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Feb. 18, 2009

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LA CROSSE, Wis. – New undergraduate majors, a unique graduate-level option, certificate programs, and a partnership with the Mayo Clinic are programs that will be offered this fall at Viterbo in what the university calls one of the largest introductions of new curricula in its history.

According to Viterbo President Rick Artman, the new offerings are part of the 2008–2013 strategic plan to promote academic distinction, student success, and enrollment growth and access, while paying particular attention to expanding programs that fit well within the university’s mission and strengths.

Viterbo’s overall enrollment has grown steadily over the years, and the new programs, eight in all, will create even more opportunity to advance the mission of the university and meet the needs of the community, Artman said.

“I commend our academic vice president, our deans and the faculty for their initiatives in developing these programs that are in direct response to student interests and community needs,” Artman added.

“To be able to plan for these high quality programs—ones that students and the community have been telling us they really want—requires an enormous amount of collaboration and hard work and I’m very impressed,” he said.

The new initiatives include:

  • Sport Management and Leadership, a major designed to appeal to students in business seeking careers in the sport and leisure industries, will be offered by the Dahl School of Business.
  • Sport Science and Leadership, a major which will prepare students for graduate study in fields such as physical therapy, athletic training, or rehabilitation, will be offered by the School of Letters and Sciences.
  • Communication Studies: Organizational Communication, a major which will prepare students for the fields of public relations and human resources, will be offered by the School of Letters and Sciences in collaboration with the Dahl School of Business.
  • Communications Studies: Visual Communication, a major directed toward students with digital media and design interests, will be offered by the School of Letters and Sciences in collaboration with the School of Fine Arts.
  • Clinical Laboratory Science, a major involving a partnership with the Mayo Clinic. Students will study for three years at Viterbo and then be eligible for a final year in Rochester. Students in this field prepare to conduct tests to determine the presence, extent, or absence of disease and monitor the effectiveness of treatment.
  • 4+1 BBA to MBA, an option allowing students to complete both an undergraduate and graduate degree in five years, saving time and tuition. The unique program incorporates the principles of ethics, corporate social responsibility, and sustainability.
  • Community Interpreting Certificate, developed by the world languages department, will prepare qualified interpreters so that non-English speakers can effectively communicate with providers in fields such as legal and health care.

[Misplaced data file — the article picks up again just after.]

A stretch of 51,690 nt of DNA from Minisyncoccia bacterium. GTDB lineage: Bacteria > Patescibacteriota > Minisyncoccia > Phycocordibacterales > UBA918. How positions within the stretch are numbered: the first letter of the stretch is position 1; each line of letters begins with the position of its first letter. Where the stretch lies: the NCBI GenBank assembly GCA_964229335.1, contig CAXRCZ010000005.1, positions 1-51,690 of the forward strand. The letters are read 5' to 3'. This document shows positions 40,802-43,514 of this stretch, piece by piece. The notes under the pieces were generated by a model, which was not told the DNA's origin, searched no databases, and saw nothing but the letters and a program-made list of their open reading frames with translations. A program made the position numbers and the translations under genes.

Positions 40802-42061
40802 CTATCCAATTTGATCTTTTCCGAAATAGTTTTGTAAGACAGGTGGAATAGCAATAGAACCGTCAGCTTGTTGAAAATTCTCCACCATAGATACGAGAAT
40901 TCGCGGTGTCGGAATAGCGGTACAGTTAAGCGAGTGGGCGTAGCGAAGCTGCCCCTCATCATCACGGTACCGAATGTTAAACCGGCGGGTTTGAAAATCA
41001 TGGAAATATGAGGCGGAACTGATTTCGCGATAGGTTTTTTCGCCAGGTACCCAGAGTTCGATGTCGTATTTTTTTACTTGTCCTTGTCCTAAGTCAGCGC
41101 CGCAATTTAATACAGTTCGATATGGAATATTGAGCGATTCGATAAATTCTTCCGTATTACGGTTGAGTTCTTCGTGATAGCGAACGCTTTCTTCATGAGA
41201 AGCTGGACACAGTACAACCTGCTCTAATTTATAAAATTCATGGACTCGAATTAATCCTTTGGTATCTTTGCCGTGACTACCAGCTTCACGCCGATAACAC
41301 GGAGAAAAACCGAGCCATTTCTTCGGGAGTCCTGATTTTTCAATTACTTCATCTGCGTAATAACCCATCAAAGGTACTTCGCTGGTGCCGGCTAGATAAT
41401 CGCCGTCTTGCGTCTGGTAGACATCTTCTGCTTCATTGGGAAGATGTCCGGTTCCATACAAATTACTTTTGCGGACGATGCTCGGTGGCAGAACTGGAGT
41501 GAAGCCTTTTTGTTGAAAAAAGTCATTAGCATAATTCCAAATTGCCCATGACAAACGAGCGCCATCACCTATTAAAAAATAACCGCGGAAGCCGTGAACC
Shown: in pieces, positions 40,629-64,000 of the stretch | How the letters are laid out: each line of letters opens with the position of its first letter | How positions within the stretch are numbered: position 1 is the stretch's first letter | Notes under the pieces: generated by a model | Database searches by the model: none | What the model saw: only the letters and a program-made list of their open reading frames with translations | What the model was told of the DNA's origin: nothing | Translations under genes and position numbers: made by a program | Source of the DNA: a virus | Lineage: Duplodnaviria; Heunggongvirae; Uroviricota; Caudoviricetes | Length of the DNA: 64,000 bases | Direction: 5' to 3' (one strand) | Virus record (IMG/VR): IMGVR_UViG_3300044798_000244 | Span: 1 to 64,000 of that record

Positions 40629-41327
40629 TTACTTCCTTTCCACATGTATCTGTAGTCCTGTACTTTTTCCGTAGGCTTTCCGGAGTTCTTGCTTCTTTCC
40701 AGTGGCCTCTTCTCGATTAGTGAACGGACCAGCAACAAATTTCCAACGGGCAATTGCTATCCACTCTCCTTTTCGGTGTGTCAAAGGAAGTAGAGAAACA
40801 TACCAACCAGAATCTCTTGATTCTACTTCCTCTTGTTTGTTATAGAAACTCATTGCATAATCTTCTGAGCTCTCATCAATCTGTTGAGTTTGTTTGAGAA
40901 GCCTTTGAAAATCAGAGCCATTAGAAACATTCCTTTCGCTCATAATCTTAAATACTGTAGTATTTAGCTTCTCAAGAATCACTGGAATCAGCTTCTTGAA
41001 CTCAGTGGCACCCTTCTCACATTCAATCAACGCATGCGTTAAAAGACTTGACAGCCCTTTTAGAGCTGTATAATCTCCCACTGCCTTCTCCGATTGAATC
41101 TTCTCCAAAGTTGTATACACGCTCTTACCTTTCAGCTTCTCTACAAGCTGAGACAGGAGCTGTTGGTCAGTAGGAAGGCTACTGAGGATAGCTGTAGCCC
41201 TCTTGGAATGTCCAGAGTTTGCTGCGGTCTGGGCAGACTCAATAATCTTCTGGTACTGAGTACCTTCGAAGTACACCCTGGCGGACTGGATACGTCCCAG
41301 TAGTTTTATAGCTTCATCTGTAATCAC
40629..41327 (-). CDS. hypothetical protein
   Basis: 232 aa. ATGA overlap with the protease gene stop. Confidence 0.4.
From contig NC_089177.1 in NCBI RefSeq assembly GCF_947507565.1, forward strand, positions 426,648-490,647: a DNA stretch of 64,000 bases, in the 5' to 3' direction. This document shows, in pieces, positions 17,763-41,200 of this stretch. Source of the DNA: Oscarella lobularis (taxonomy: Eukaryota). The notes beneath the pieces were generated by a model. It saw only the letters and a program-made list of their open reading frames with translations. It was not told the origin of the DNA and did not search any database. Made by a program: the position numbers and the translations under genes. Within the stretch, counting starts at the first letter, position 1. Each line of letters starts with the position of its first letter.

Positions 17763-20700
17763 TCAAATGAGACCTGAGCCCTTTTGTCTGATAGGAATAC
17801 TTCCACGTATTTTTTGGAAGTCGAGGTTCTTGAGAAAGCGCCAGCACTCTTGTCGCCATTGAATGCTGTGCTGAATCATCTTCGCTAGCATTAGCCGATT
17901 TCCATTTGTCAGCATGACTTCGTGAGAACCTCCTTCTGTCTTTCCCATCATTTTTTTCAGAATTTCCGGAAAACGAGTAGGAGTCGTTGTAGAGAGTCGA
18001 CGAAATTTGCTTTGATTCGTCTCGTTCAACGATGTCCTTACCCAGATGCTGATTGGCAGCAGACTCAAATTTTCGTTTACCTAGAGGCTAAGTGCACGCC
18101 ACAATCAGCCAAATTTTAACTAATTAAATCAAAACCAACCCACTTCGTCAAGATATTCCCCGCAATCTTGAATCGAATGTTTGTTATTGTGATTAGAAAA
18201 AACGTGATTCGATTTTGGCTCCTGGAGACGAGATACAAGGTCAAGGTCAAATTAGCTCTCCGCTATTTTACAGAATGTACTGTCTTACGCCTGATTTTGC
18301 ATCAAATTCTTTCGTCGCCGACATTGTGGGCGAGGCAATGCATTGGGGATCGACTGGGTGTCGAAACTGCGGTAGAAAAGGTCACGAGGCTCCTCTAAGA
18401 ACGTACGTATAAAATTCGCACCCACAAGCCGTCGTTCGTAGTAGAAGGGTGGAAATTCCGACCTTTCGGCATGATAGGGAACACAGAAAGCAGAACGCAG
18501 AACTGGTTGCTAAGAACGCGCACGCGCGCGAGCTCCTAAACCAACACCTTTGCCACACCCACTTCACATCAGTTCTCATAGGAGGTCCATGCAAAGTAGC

• Alcohol and Other Drug Abuse (AODA) Certificate, developed by the psychology department will be directed to counseling professionals.

“Both certificates are unique to the region and will offer working adults the opportunity to build much needed skills without commuting long distances,” Glena Temple, dean of the School of Letters and Sciences said. “Likewise, we are delighted to formalize a partnership with the Mayo Clinic which will create some exciting opportunities for our students.”

Tom Knothe, dean of the Dahl School of Business indicated that the new Sport Management and Leadership program and 4+1 BBA to MBA program focus on topics of great interest to both students and employers. “These new programs will each emphasize ethical leadership, sustainability, and corporate social responsibility,” Knothe said. “Both operate in areas of enormous growth. Sport is now this country’s fifth largest industry, and many employers are expecting their managers to obtain an MBA degree.”

Currently Viterbo offers over 50 different majors, four graduate programs and a growing number of certificate programs at its La Crosse campus and at other locations throughout Wisconsin and Iowa. In January 2009, total student enrollment was reported to be 3,212.

Artman indicated that in the future, Viterbo will continue to be responsive to the interests of employers and students, as the university grows and serves traditional students and working adults, at the undergraduate and graduate levels. 

“Our programs, degree and non degree, will be grounded in the foundation of the university’s mission to prepare students for faithful service and ethical leadership,” he said.

 “These new programs align with the priorities of our new strategic plan, the University of Opportunity: Hope and Help. Education is the ladder of opportunity, and we are confident these innovative initiatives will enable new students to achieve their goals at Viterbo and help to serve our community in many ways,” he said.

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